Black is black, right? Not so, according to a team of NASA engineers now developing a blacker-than-pitch material that will help scientists gather hard-to-obtain scientific measurements and observe currently unseen astronomical objects.
The nanotech-based material now being developed by a team of 10 technologists at the NASA Goddard Space Flight Center in Greenbelt, MD, is a thin coating of multi-walled carbon nanotubes—tiny hollow tubes made of pure carbon about 10,000 times thinner than a strand of human hair.
Nanotubes have a multitude of potential uses, particularly in electronics and advanced materials, due to their unique electrical properties and extraordinary strength. But in this application, NASA is interested in using the technology to help suppress errant light that has a funny way of ricocheting off instrument components and contaminating measurements.
‘Better than Black Paint’
"This is a technology that offers a lot of payback," said engineer Leroy Sparr, who is assessing its effectiveness on the Ocean Radiometer for Carbon Assessment (ORCA), a next-generation instrument designed to measure marine photosynthesis. "It's about 10 times better than black paint" typically used by NASA instrument designers to suppress stray light, he said.
The technology works because of its super-absorption abilities. The nanotubes themselves are packed vertically much like a shag rug. The tiny gaps between the tubes absorb 99.5% of the light that hits them. In other words, very few photons are reflected off the carbon-nanotube coating, which means that stray light cannot reflect off surfaces and interfere with the light that scientists actually want to measure. The human eye sees the material as black because only a small fraction of light reflects off the material.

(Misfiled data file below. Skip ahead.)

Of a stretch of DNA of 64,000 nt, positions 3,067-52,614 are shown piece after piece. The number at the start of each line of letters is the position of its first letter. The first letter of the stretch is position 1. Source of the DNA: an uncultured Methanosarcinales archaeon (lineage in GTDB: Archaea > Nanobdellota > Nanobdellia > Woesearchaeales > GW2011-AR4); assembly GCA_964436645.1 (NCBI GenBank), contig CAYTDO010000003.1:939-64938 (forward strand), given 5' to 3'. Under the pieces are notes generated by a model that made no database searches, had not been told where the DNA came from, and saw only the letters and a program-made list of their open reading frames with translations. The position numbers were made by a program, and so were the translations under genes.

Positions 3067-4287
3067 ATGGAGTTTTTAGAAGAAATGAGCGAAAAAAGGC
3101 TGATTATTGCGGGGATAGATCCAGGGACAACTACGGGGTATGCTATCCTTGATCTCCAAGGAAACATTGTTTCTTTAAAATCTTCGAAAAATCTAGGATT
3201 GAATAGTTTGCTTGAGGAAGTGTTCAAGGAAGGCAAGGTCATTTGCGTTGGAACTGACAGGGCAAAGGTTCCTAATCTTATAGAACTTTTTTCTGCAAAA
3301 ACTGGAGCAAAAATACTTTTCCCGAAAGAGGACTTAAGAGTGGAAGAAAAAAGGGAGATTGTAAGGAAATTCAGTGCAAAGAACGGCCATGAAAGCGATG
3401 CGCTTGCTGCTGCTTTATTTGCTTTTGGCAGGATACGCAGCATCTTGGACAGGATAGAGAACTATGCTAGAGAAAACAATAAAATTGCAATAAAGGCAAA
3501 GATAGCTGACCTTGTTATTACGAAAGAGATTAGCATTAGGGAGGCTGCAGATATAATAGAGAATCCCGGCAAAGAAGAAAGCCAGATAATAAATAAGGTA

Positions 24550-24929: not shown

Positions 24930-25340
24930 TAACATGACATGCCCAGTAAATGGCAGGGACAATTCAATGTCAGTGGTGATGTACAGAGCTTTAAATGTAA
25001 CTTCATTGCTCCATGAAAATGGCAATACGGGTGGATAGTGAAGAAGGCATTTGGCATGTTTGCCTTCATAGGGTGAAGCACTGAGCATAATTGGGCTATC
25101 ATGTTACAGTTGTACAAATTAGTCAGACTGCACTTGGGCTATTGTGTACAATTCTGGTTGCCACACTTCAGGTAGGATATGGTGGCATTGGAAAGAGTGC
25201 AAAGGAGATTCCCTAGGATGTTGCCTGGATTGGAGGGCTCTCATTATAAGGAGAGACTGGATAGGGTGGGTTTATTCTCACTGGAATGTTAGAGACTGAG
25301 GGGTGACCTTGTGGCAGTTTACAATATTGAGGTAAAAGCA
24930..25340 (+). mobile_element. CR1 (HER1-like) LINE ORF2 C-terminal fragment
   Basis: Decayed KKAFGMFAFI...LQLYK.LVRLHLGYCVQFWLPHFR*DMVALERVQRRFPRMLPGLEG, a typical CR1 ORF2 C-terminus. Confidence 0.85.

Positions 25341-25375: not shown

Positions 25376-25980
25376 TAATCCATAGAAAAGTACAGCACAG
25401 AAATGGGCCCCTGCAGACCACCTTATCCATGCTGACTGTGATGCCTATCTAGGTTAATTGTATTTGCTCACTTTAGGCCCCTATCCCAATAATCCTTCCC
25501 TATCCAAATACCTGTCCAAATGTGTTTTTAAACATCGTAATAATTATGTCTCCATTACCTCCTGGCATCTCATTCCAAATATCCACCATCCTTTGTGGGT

The team began working on the technology in 2007. Unbeknownst to the group, the New York-based Rensselaer Polytechnic Institute also had initiated a similar effort and announced in 2008 that its researchers had developed the darkest carbon nanotube-based material ever made—more than three times darker than the previous record.
"Our material isn't quite as dark as theirs," said John Hagopian, the principal investigator leading the development team. "But what we're developing is 10 times blacker than current NASA paints that suppress system stray light. Furthermore, it will be robust for space applications.”
That is an important distinction, said Carl Stahle, assistant chief of technology for Goddard's Instrument Systems and Technology Division. Not all technology can be used in space because of the harsh environmental conditions encountered there.
"That's the real strength of this effort," Stahle said. "The group is finding ways to apply new technology and fly it on our instruments."
The breakthrough was the discovery of a highly adhesive underlayer material upon which to grow the carbon nanotubes, which are just a few tens of nanometers in diameter. To grow carbon nanotubes, materials scientists typically apply a catalyst layer of iron to an underlayer on the silicon substrate. They then heat the material in an oven to about 750° C (1,382° F). While heating, the material is bathed in carbon-containing feedstock gas.
Stephanie Getty, the materials scientist on Hagopian's team, varied the underlayer as well as the thickness of the catalyst materials to create carbon nanotubes that not only absorb light, but also remain fixed to the material upon which they are grown. As a result, they are more durable and less likely to scratch off. The team also has grown durable nanotube coatings on titanium, a better structural material for space use. The team now is fine-tuning production techniques to assure consistent quality and light-suppression capabilities, Hagopian said.
New Capabilities Added
Should the team prove the material's suitability in space, the material would provide real benefits to instrument developers, Hagopian added.
Currently, instrument developers apply black paint to baffles and other components to reduce stray light. Because reflectance tests have shown the coating to be more effective than paint, instrument developers could grow the carbon nanotubes on the components themselves, thereby simplifying instrument designs because fewer baffles would be required.
To accommodate larger components, the team now is installing a six-inch furnace to grow nanotubes on components measuring up to five inches in diameter. And under a NASA R&D award, the team also is developing a separate technique to create sheets of nanotubes that could be applied to larger, non-conforming surfaces.